Benedict XVI Put Liturgy Front and Center

NEWS ANALYSIS: The pope emeritus’ words and deeds regarding the Mass led the faithful closer to God.

Pope Benedict XVI gives Communion to a woman religious Oct. 28 at the closing Mass of the Synod of Bishops for the New Evangelization.
Pope Benedict XVI gives Communion to a woman religious Oct. 28 at the closing Mass of the Synod of Bishops for the New Evangelization. (photo: CNA/Anne Hartney)

Pope Benedict XVI’s keen liturgical interest is well known to devout Catholics. Even before his papacy, books by Cardinal Joseph Ratzinger, such as The Feast of Faith and The Spirit of the Liturgywere formative for many of the faithful in search of true liturgical principles.

During Benedict’s papacy, documents such as the 2007 apostolic exhortation Sacramentum Caritatis continued Benedict’s catechesis on the source and summit of the Christian life. While these writings have been highly significant for the Church, priests and bishops near the now-retired Holy Father believe his example has been even more so.

Msgr. James Moroney had the privilege of working with Pope Benedict on the completion of the new English translation of the Roman Missal, which was implemented in Advent 2011.

The effort was begun by Pope John Paul II, who appointed Msgr. Moroney as a consultor to the Congregation for Divine Worship and the Discipline of the Sacraments. He is also executive secretary to the Vox Clara Committee, founded for the purpose of assisting the congregation in issuing a new English translation of liturgical texts.

Msgr. Moroney, currently rector of St. John Seminary in Boston, believes that Pope Benedict XVI is, in many respects, the best articulator of the post-conciliar liturgical reform.

“This was true even before his papacy,” Msgr. Moroney said. “As head of the Congregation for the Doctrine of the Faith, he was a leader in correcting popular misconceptions about what the Council Fathers said on many topics, the liturgy included.”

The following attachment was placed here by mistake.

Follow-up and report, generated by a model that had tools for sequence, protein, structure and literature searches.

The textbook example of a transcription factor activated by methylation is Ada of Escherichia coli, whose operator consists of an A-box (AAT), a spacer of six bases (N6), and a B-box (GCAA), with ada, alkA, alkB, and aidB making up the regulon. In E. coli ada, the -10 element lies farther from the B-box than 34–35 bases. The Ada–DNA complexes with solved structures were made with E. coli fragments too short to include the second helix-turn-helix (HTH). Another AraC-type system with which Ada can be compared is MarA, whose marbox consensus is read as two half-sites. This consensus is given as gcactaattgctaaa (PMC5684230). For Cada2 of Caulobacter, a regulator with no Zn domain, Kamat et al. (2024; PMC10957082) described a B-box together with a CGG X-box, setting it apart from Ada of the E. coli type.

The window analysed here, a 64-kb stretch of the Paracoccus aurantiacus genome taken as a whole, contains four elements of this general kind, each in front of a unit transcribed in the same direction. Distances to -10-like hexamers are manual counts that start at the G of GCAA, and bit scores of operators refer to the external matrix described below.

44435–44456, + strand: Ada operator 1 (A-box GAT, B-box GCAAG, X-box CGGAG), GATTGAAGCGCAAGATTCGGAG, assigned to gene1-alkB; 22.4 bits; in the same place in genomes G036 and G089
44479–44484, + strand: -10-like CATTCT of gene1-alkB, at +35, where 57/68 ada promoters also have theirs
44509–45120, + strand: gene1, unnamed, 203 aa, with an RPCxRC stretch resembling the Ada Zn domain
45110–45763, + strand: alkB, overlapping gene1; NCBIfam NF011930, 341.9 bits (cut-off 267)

“The revivification of true liturgical reform was inspired not so much by the Holy Father’s words, as important as they were,” he said. “It was primarily inspired by his actions. He had a devotion to the liturgy that was manifested in the joyful and solemn way he celebrated it. He knew it was the source and summit of the Christian life, so this understanding brought joy and wonder to his heart, which was noticeable on his face.”


Three-Part Contribution

At the center of Pope Benedict’s liturgical legacy, according to Msgr. Moroney, is the proper definition of “full and active (or actual) participation by all the people,” recommended in the Second Vatican Council’s constitution on the sacred liturgy, Sacrosanctum Concilium. Msgr. Moroney believes the Holy Father’s contribution to the understanding of what it means to participate in the liturgy can be summarized in three parts.

“The first,” he said, “is Benedict’s emphasis on interior participation in the liturgy. Our participation is not comprised mainly of exterior actions, but interior ones. Proper celebration of the liturgy is only possible when a grasp of the paschal mystery is present. That grasp is the heart of true liturgical participation.”